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The Suns And Mavs Use Basketball’s Favorite Play In Very Different Ways

For a while now, the pick and roll has been the centerpiece of nearly every offensive attack in the NBA. The on-ball screen has arguably never been more central than it is right now. According to Second Spectrum, the average NBA team ran 71.7 pick and rolls per 100 possessions during the 2021-22 regular season — a new high-water mark for the player-tracking era.1

In a season when the league ran this action more often than ever, almost nobody used it more often than did the Phoenix Suns and Dallas Mavericks. Phoenix ranked second in the NBA with 89.6 ball screens per 100 possessions, per Second Spectrum, while Dallas ranked third with 86.8 per 100.2 And the Suns and Mavs were not just prolific in their usage of pick and rolls; they were also efficient. The Suns generated an average of 1.036 points per direct screen,3 the second-best mark in the NBA. The Mavericks ranked fourth at 1.025 points per direct screen.  

Apart from volume and effectiveness, though, the pick-and-roll attacks of the Suns and Mavericks — who play the second game of their Western Conference semifinals matchup tonight — do not have all that much in common. We saw throughout Game 1 of the series how the two offenses use the same action in different ways in their respective attempts to manipulate the defense and create the best possible shot on any given possession. In Phoenix’s victory, we also saw why its pick-and-roll attack is more suited to beating Dallas’s defense than vice versa.

Pick-and-roll defense is a careful balancing act. It involves not just the player defending the ball-handler and the player defending the screener, but every other player on the floor as well. Those helpers have a responsibility on every play, whether it’s to stay home on a shooter, “tag” a roller coming through the lane by sinking off said shooter and bumping the dive man on his way through the paint, provide help on a drive or something else.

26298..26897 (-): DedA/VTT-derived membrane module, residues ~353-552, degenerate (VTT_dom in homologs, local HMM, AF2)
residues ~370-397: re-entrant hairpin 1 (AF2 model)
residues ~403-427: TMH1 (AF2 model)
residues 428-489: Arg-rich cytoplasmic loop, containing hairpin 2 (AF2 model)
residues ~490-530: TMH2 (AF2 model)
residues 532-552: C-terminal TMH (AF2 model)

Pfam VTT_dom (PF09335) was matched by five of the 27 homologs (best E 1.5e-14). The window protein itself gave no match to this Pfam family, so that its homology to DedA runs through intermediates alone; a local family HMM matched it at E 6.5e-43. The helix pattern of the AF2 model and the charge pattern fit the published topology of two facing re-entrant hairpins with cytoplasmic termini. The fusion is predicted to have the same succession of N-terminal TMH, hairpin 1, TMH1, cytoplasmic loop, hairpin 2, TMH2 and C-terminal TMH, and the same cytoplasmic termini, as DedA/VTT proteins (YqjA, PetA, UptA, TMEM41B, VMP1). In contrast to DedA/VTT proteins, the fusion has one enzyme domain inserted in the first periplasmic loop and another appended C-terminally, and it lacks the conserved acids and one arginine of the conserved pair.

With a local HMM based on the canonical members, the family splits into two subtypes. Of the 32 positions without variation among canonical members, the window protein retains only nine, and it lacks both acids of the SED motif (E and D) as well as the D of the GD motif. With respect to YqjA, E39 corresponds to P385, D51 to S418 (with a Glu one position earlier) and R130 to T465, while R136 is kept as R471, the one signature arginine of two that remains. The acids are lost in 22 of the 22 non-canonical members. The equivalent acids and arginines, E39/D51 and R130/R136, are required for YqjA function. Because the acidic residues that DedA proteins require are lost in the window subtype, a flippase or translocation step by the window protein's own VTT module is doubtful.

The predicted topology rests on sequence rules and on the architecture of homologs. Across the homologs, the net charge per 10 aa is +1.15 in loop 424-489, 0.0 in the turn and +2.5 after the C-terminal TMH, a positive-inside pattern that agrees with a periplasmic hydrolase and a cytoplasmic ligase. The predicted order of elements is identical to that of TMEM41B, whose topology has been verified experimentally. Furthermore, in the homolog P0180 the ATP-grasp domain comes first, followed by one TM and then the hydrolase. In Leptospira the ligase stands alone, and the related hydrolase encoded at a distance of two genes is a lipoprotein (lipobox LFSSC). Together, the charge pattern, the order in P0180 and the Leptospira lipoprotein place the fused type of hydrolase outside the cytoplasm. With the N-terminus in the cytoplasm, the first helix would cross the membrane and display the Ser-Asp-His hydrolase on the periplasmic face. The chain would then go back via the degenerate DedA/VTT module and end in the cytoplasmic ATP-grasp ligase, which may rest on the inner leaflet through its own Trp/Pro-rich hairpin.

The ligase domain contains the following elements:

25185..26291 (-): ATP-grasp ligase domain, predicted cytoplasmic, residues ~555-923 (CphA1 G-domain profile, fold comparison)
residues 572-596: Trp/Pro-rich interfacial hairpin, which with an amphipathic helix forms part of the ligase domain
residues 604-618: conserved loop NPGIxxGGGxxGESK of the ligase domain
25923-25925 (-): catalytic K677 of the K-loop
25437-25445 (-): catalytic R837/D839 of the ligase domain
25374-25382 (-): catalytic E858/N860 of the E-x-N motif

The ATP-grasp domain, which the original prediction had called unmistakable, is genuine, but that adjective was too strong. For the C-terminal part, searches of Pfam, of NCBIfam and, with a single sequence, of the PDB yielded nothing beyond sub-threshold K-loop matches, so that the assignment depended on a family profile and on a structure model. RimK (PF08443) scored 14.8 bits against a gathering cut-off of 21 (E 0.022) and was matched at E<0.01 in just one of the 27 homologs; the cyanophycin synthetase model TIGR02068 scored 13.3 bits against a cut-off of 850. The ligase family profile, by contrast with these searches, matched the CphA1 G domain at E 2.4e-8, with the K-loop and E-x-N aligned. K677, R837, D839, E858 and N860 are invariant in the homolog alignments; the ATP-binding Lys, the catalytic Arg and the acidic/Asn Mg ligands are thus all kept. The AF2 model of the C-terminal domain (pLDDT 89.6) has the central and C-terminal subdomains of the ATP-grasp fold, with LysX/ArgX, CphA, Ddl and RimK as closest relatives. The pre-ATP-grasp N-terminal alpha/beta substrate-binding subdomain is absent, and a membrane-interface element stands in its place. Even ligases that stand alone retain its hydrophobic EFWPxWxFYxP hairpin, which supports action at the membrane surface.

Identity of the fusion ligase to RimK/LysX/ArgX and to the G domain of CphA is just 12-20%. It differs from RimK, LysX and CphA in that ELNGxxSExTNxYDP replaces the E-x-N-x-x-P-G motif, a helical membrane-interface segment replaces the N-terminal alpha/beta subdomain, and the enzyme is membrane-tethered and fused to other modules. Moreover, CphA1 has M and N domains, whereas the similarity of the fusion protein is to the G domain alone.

The best way to describe the Suns’ pick-and-roll strategy is that they want to find a way to make those ancillary defenders wrong on every trip, no matter what choice they make. Phoenix often wants to pick on the low man in the help scheme — the guy who has the hardest job. He has to both provide help on the roll and find a way to recover to his man on the perimeter, all without giving up an open shot at the basket or from beyond the 3-point line. His decision-making and timing have to be both quick and perfect; he’s got to remain in the path of the roller for long enough to discourage a pass, then get out to the shooter quickly enough to prevent him from firing away.

The Suns live to toy with that low man. If the low man helps down into the paint, as Spencer Dinwiddie does in the first clip above, Devin Booker will quickly fire the ball to the wing, where his teammate can pump and drive for a running banker. If the low man instead jumps outside to the shooter, Booker will lob it up to DeAndre Ayton for a dunk. If the low man tries to split the difference and hesitate, Booker will hang on to the ball until he makes a choice and then punish him for it. (That’s what happens to Luka Dončić in the second and third clips.) And if the Mavericks try to give the low man too much help from the weak side, well, the Suns will just swing-swing their way into an open corner three.

Obviously, not every Suns pick and roll works exactly like this. For starters, it’s not always Booker as the ball-handler, and the team doesn’t always get into the action with a dribble handoff. But even when it’s Chris Paul just getting a high ball screen (or two), he’s still looking for ways to manipulate or punish the help (or lack thereof).

And of course, it helps to have ball-handlers like Booker and Paul who can punish different types of coverages. They can roast big men on switches in space. They can get into the in-between areas of the floor and knock down the midrange jumpers that defenses love to encourage because they’re low-value looks … which they are, for everyone except guys like Booker and Paul. And they can get the ball to Ayton in spots where he can do real damage — the type of damage the Utah Jazz’s big men were unable to do in their Round 1 series against the Mavericks.

“They can hurt you in the paint with JaVale [McGee] and Ayton,” Dallas head coach Jason Kidd said of the Suns. “This isn’t [Rudy] Gobert or [Hassan] Whiteside. These guys can put the ball in the basket. So, our bigs are going to be tested.”

Kidd’s concern proved prophetic, and quite quickly. Ayton scored 19 points on 9-of-12 shooting in the first half of Game 1, giving him as many pre-halftime buckets in this series as Gobert had in six Round 1 games against Dallas. The variety of ways in which he put the ball in the basket underscored Kidd’s fears about how Ayton could hurt his defense.